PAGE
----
\subjclass[2000]{81Q05, 81V10, 35Q40}
\keywords{QED, vacuum polarization, Dirac equation, Hartree-Fock model, semi-linear evolution equations}
\begin{abstract}
We consider a generalized Dirac-Fock type evolution equation deduced from no-photon Quantum Electrodynamics,
which describes the
self-consistent time-evolution of relativistic electrons, the observable ones as well as those filling up
the Dirac sea. This equation has been originally introduced by Dirac in 1934 in a simplified form.
Since we work in a Hartree-Fock type approximation,
the elements describing the physical state of the electrons are infinite rank projectors. Using the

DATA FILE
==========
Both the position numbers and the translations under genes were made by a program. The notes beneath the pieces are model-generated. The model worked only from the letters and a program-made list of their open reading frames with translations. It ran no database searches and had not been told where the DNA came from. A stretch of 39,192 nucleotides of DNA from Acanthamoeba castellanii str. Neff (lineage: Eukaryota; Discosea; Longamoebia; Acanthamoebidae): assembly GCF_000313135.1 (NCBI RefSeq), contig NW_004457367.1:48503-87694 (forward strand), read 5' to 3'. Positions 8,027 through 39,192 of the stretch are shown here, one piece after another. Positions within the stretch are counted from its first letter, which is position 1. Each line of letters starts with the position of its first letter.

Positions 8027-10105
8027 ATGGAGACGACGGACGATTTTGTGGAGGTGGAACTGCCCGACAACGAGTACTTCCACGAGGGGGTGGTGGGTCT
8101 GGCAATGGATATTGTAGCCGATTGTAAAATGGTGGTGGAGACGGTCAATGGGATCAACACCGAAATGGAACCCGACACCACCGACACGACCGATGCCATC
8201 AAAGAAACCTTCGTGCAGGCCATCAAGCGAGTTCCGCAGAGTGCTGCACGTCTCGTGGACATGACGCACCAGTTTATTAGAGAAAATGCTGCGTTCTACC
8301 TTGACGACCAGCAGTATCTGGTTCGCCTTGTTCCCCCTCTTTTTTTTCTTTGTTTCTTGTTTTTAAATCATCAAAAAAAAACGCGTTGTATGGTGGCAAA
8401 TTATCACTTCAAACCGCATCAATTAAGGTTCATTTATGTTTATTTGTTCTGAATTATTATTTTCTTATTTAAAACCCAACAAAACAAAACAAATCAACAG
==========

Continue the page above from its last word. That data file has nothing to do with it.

Bogoliubov-Dirac-Fock formalism, introduced by Chaix-Iracane
({\it J. Phys. B.}, 22, 3791--3814, 1989), and recently established by
Hainzl-Lewin-S\'er\'e, we prove the existence of global-in-time
solutions of the considered evolution equation.
\end{abstract}
\date{Received 9 December 2004, revised 4 March 2005}
\maketitle
\section{Introduction}\label{s1}
The quantum mechanical description of relativistic
spin-$1/2$ particles, say electrons, is based on the famous \emph{Dirac operator}, \ie
$$
D^0:=-i\alp\cdot\nabla+\beta=-i\sum_{k=1}^3\alpha_k\partial_{x_k}+\beta,
$$
acting on $\mathfrak H=L^2(\R^3,\C^4)$,
where $\alp=(\alpha_1,\alpha_2,\alpha_3)$ and $\beta$ are the standard Dirac matrices \cite{Th}. Its main drawback, both, from
a physical as well as from a mathematical point of view, is the fact that its spectrum is not bounded from below, since